Updated: Jun 6, 2020
Do you have worried and anxious children? Here is how you can help them easily and quickly!
Parents can feel disempowered to help their child, as they can feel that they do not understand how to intervene to support them through their worry and feelings of stress.
Situations do not cause worry and anxiety. It is thoughts that cause them! There is a big difference between "Mental Health Issues" and “Emotional Health Issues”.
During my training in Neuro Linguistic Programming (NLP) and Coaching Children, it was taught that children develop their emotional awareness rapidly, by the age of around 7 it is well developed. This is not the case for their reasoning ability, which lags way behind, taking up until late teens to mid-20’s to fully develop. A large gap, so the challenge for the youngster is that they have all the emotional capability to worry about life but do not have the reasoning to rationalise it and put it into perspective.
Many of us can remember being children ourselves and can also recognise this in the youngsters around us in its many manifestations, we used to worry about what would be considered to us now as trivial, but when we where young it was huge!
To support your youngster, talk through their worries head on, help them to put them into perspective and help rationalise their thoughts and concerns through your experience and guidance as an adult with both the emotional and reasoning abilities fully mature, once the worry is tackled the stress and anxiety disappears.
Also, if you remember Harry Enfields, Kevin the Teenager, then this is the just another manifestation of this. As the teenagers starts to want to withdraw from the maternal, paternal environment, to start their own lives, often we can see that sometimes it is a smooth moving away, when futher education forces the break, but when the teenager is at home when they should be leaving naturally, they may take an extreme path to pull away, through rejection! To push those back who have been at the old centre of their lives. They use all their wellformed emotional skills to start to force the move away, without the ability to recognise and to reason how cruel they are perhaps being. Leaving them and the object of their emotions devastated. However when you know this as a parent, recognise it for what it is and try not to take it to heart. IT IS THEM, NOT YOU. Not fully mature enough to manage adult relationships.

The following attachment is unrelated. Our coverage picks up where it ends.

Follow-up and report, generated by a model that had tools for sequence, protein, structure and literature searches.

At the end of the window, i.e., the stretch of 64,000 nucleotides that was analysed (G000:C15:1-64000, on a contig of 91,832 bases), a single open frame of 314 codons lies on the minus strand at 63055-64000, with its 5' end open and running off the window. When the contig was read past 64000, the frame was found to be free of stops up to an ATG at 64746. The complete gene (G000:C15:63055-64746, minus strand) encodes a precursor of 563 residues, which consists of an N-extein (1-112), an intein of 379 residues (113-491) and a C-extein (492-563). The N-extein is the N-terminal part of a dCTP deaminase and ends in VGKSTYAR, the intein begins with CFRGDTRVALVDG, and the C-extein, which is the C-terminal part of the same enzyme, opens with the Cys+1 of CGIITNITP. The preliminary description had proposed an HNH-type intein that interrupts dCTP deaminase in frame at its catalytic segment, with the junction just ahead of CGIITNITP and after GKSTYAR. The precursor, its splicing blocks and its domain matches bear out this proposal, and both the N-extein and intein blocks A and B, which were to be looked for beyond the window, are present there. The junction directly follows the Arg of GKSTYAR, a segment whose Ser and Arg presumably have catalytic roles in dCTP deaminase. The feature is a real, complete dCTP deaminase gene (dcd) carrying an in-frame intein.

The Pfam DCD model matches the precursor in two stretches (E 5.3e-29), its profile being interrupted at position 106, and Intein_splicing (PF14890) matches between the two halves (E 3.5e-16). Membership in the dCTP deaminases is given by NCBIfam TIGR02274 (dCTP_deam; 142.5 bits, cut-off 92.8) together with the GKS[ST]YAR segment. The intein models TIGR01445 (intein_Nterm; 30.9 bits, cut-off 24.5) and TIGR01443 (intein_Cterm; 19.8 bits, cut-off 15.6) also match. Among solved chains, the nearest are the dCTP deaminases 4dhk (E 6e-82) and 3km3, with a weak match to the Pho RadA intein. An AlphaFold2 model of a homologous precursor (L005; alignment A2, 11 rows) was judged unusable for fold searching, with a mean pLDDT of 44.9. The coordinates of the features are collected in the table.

You should of course, seek professional advice from your GP if you think that this is more serious than just over worrying. I am not a mental or health professional, I leave that to them, I am trained and qualified in Neuro Linguistic Programming NLP. A professional NLP practitioner will be able to offer support. (I only work with adults. The NLP registered practitioners’ website www.anlp.org can help find a practitioner in your area, if you feel that this is worth exploring for your child.)